Farmers and conservationists are now working together in a bid to find a solution. So-called distraction food and helium balloons are among counter-measures being trialled.
The sea eagle, or white-tailed eagle, is the UK’s largest bird of prey – with an average wingspan of more than 2m (6.5ft).
Stock under attack
There are now known to be about 130 breeding pairs of sea eagles in Scotland, from hotspots such as Skye and Mull across to the mainland.
It is estimated this could rise to at least 500 pairs by 2040.
In Appin, on the west coast of Loch Linnhe, in Argyll and Bute, David Colthart keeps 650 blackface sheep across 3,200 acres.
He said his stock had been under attack since sea eagles started nesting in the area.
Describing one incident, he said: “This is a typical example of a plucking, it’s basically where the bird has lifted one of the lambs and it’s taken it to a certain point and it’s plucked some of the wool and skin off, eaten some of it, and maybe taken the rest back to its nest.”
He added: “It’s very frustrating when you see that, and some members of the public aren’t taking it seriously, they think we’re just making it up.
“It’s not sustainable for any kind of farm business here in the west. We’re in a very marginal farming area, and its difficult enough to raise the lambs you’ve got and the sea eagle is the one that starts unpicking the ability for that flock to sustain itself.
“Round this area, the wider area, there’s at least half a dozen pairs, between here and round about Oban.
“And you’ve got Mull as well, so that’s not too far away. Mull’s only 16 miles as the eagle flies, so to speak.”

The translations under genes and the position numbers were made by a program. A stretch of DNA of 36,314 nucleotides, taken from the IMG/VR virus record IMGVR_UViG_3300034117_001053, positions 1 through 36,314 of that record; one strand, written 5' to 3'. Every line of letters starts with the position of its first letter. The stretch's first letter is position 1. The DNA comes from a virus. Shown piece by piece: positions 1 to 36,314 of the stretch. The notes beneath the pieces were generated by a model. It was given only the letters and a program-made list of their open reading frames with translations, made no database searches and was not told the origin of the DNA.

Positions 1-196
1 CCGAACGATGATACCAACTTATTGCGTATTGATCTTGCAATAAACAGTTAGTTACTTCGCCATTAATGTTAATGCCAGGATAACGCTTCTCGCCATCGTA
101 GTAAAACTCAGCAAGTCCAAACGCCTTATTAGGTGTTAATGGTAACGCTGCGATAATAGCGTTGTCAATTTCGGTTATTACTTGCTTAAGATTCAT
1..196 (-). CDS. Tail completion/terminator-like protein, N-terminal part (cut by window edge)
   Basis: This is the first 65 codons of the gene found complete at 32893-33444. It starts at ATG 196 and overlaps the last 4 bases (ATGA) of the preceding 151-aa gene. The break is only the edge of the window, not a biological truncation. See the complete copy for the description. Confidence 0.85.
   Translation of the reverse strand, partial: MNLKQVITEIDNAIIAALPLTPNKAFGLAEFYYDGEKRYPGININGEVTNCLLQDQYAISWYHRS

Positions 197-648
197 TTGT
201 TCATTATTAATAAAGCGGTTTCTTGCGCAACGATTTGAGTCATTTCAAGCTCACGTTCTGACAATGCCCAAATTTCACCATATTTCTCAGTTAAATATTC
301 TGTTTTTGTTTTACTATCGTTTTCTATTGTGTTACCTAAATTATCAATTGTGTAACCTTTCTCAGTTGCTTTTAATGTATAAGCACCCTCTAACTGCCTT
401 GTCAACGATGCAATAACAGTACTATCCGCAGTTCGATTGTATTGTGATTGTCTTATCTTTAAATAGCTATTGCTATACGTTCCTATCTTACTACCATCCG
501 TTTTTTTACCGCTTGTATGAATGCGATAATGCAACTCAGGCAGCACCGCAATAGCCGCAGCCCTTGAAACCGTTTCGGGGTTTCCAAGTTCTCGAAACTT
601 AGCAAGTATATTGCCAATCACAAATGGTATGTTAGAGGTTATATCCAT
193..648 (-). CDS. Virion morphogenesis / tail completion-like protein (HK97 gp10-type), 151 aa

Trials in conjunction with Scottish Natural Heritage (SNH) are being held to see how the birds can be distracted from killing lambs.
SNH’s Rae McKenzie, who is overseeing the project, said: “We’re trying a whole load of different scaring techniques and management.
“You’re seeing helium balloons, they float about in the air and they deter the sea eagles from coming near the lambing areas.
“We’re struggling a bit with those because they’re not staying in the air the way they should, because of the weather or maybe just because they’re maybe too light to do this kind of job in this kind of terrain.”
Luring the birds away from livestock with alternative food is another option being assessed.
Mr McKenzie added: “We’re considering trialling things like lasers, but we’re not there yet with that, we need to think about the practicalities of that.
“There’s all sorts of other noise-based, light-based type scaring devices on the market we might take a look at.
“We want a toolbox of things, not every eagle will respond to every scaring device, so hopefully if we’ve got things that work in some places and don’t work in others we can mix and match.
“I think the best chance we’ve got of doing that is working together, and hopefully getting a better understanding of what the birds will respond to, and how we might apply different measures in different places.”
You can see this story on Landward on BBC One Scotland on Friday at 20:30.